The only things we cook in advance is the gumbo and the rice and beans.
Dot LeBlanc is one of the few people surprised at the success of The Boiling Pot restaurant in Rockport. She never expected what she describes as "a little oyster shucking shed" to last 25 years. And she certainly never thought it would be so successful she'd end up opening a second location in Austin.
"I thought it would last a couple of weeks. My friends would all come by for dinner and that would be about it."
Her lifelong dream went far beyond that. What started out almost as a dare in 1985 has turned into a family business going on its third generation.
It began while LeBlanc was buying the fresh catch of the day from the shrimp boats along the pier in the 1980s and reselling it to tourists and distributors. "People would buy raw shrimp from me and ask, 'Where can we go to get good boiled shrimp?' I thought to myself, 'Hmmm, I can boil shrimp.'
"We'd have friends over and boil up some shrimp or crawfish and serve it and we'd just have a blast. They would all tell me I should open a restaurant. I'd always wanted to own a restaurant but I was scared to death to actually do it. But I finally let them talk me into it. We had a little shack on the beach and one of my sons kind of cleaned it up a little and we opened the restaurant."
While the recipes have remained the same for 25 years, the restaurant hasn't. LeBlanc moved to a larger location across the street a few years ago. With seating for 75 indoors and a large patio to accommodate the overflow, LeBlanc estimates she now goes through 250 pounds of shrimp on a good day. The Boiling Pot also has a separate building known as "The Beach House" where it hosts private parties.
Part of the success of The Boiling Pot is the spice blend LeBlanc developed with the help of some of her shrimp distribution network partners in Louisiana, and part of it is the laid back atmosphere of the restaurant.
The name says it all in this case. There aren't any fried shrimp or baked fish at this waterfront spot. If you eat here, it's going to be something boiled; and boiled Cajun style at that. The Boiling Pot features white tablecloths but don't get any ideas about snooty waiters and fancy service. The white tablecloths here are made of butcher's paper, and the food is dumped directly from the pot onto the table. It's a do-it-yourself affair where patrons are given a mallet and a bib and told to go at it.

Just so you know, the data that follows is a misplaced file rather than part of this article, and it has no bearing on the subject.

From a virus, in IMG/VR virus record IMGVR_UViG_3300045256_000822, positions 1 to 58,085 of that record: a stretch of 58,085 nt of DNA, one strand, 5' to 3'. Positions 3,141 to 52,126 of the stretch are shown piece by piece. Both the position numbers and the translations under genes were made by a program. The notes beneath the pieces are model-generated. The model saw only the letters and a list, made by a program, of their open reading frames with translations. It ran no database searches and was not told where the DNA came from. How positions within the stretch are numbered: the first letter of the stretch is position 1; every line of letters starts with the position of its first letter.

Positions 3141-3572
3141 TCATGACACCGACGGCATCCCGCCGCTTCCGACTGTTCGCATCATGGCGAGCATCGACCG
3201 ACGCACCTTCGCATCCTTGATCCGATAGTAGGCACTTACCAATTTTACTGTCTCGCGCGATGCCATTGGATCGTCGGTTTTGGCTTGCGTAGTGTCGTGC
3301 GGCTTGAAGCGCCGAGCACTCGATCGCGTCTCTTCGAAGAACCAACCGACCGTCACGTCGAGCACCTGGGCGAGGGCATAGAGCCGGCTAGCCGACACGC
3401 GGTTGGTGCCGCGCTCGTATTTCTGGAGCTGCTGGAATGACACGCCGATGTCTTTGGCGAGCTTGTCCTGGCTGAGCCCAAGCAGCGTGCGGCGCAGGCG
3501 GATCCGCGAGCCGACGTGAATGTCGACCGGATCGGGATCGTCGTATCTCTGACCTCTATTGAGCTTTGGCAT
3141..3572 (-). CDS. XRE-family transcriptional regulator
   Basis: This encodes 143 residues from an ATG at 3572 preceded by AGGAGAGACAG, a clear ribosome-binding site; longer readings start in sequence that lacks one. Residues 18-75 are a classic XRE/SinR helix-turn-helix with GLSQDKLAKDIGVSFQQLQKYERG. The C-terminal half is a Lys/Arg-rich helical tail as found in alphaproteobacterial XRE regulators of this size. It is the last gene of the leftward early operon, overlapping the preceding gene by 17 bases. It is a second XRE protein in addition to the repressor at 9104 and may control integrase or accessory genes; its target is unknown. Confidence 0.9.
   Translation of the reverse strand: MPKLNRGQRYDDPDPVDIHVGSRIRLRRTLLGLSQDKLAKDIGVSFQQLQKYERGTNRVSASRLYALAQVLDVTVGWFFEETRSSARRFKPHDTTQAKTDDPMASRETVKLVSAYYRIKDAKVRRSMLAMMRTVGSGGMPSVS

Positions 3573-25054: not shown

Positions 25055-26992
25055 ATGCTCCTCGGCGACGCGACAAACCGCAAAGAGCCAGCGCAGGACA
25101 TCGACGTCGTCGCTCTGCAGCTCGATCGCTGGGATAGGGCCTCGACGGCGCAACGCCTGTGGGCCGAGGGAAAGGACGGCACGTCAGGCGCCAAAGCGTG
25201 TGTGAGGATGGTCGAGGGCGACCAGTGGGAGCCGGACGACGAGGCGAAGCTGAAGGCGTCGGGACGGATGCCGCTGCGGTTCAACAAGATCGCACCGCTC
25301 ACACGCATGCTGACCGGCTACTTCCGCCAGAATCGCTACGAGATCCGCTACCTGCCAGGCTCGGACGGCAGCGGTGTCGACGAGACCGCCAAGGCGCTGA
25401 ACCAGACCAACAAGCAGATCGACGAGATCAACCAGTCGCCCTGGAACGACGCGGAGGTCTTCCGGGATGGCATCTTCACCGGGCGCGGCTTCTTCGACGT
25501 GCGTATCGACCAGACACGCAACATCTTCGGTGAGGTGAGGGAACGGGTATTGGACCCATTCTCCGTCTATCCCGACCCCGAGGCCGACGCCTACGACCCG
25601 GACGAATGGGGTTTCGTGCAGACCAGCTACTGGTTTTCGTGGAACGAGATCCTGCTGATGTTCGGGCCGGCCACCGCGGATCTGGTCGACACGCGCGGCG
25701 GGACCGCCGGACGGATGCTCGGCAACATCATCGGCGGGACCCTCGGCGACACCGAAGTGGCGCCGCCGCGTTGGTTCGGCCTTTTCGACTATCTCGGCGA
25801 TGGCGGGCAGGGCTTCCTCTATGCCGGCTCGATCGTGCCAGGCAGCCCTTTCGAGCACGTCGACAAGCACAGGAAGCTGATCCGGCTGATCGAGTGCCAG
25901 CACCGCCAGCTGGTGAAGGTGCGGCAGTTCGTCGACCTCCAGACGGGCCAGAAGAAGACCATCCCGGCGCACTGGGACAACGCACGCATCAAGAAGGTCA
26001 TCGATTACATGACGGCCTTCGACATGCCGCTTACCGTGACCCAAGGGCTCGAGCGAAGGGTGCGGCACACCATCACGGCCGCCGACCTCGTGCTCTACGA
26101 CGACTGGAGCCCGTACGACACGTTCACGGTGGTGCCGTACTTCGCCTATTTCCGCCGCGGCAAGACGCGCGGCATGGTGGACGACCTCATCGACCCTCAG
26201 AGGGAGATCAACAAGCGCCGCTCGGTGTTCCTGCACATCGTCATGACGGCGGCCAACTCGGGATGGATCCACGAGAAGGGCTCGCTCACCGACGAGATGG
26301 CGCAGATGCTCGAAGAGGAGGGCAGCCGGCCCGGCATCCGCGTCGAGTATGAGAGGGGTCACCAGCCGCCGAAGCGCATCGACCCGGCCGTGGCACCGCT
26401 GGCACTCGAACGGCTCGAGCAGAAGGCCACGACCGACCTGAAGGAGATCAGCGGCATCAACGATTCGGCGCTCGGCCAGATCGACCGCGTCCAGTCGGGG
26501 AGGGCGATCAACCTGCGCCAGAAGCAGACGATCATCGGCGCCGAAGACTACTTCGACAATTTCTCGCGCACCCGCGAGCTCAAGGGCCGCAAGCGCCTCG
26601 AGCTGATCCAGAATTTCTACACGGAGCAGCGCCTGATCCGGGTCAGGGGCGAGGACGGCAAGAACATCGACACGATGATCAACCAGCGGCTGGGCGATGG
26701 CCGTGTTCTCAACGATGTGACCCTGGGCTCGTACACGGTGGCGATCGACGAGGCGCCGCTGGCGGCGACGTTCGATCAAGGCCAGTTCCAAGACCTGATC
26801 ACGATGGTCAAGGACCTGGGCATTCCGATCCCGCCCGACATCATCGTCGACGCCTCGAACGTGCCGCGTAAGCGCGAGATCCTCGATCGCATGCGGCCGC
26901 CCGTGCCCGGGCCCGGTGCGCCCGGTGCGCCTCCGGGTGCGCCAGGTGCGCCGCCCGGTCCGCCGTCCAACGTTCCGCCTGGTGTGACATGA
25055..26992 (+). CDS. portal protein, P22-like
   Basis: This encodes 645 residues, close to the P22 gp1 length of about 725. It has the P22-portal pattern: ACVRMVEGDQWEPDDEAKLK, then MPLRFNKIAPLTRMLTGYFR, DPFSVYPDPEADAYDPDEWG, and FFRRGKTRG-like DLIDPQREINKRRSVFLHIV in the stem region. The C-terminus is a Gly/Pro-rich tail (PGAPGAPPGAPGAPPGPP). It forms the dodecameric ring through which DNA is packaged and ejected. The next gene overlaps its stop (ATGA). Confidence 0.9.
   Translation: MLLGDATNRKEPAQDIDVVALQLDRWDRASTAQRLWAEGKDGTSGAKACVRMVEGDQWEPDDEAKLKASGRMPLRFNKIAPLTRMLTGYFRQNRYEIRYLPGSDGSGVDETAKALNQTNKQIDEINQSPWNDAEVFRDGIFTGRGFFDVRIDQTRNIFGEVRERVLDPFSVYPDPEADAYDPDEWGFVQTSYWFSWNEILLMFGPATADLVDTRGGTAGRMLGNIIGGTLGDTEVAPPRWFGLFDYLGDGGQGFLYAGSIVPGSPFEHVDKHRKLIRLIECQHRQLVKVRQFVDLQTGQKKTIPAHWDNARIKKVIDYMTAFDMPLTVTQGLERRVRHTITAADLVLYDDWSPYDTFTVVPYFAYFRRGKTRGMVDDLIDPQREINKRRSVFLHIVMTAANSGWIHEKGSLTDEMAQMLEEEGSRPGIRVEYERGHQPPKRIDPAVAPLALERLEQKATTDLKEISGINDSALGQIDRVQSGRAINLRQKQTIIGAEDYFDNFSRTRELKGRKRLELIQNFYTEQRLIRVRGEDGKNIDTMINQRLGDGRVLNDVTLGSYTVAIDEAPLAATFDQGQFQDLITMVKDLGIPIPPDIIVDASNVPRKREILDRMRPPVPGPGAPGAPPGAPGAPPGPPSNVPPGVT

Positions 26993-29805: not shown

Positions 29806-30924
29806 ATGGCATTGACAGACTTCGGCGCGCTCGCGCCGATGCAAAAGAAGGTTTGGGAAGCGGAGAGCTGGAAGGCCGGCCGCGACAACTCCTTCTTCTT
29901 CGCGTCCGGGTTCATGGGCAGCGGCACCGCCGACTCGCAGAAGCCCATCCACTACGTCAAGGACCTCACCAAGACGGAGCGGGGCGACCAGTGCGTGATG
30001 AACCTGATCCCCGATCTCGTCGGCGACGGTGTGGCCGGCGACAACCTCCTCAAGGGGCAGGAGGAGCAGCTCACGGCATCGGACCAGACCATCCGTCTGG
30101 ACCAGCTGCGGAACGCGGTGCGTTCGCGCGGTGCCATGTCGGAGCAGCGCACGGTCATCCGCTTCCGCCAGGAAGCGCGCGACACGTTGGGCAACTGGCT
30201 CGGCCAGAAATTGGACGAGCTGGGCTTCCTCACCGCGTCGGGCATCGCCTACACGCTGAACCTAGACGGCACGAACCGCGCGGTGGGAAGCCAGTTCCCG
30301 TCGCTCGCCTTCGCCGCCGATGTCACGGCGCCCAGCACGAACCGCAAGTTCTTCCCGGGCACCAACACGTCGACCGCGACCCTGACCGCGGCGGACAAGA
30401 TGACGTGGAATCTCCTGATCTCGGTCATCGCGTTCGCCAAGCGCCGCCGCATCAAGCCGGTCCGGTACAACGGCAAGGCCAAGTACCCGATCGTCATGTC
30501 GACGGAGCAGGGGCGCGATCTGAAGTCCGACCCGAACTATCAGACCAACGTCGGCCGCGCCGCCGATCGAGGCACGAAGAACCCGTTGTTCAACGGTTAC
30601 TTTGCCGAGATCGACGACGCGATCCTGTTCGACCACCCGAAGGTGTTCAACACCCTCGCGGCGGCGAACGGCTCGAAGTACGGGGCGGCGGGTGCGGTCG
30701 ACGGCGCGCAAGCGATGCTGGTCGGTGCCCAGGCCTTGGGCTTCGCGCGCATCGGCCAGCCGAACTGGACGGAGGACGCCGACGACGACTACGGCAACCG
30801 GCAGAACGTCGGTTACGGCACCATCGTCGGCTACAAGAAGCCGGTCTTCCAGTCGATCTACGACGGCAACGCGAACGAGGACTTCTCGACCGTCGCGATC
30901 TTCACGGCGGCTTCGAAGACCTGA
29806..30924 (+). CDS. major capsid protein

"I remember the first time one of my waitresses served a meal," LeBlanc says with a laugh. "She was carrying a pot of boiled shrimp, crabs and crawfish and asked me, 'What do I do with this?' I told her to just spill it out across the table. She just stared at me. 'Are people really going to eat that?' she asked. Sure enough, they've been eating it for 25 years."
It's that kind of no-frills attitude that earned The Boiling Pot a "Best Seafood Dive in Texas" crown from Coastal Living magazine. It's a title LeBlanc wears proudly. "We were in the very first issue of Coastal Living, and then we were featured in Southern Living about five years ago. I'm very proud of that," says the mother of three.
LeBlanc's son, Dave, is running the business's second location. While the Austin version of The Boiling Pot does a steady trade, customers are more seasonal at the Rockport site. But even with the feast-or-famine aspect of life on the Gulf coast, LeBlanc has never regretted her decision to open her eatery. "We get busy around spring break and then for the entire summer. We also have some winter Texans and, of course, we get a lot of bird hunters during the season. You have to love what you're doing and I really do love this. I've met and worked with some wonderful people over the years. I wouldn't trade my little business for anything.
"I've got a couple of granddaughters who visit during the summer and they just love it. So the next generation seems to be coming along. It looks like we'll be around that long at least."
Super Simple Slaw
- 1/2 cup white sugar
- 1/2 cup mayonnaise
- 3 medium carrots, shredded
- 1 medium head cabbage, cored and shredded
In a large bowl, stir together the sugar and mayonnaise. Add the carrots and cabbage, and mix until well coated. Serve chilled.
Harter isn't in any hurry to grow. He wants to keep the business small enough that he and his partners are able to keep a close eye on all phases of the operation. "I can see us doing 20 locations," he says.
But there'll never be another original.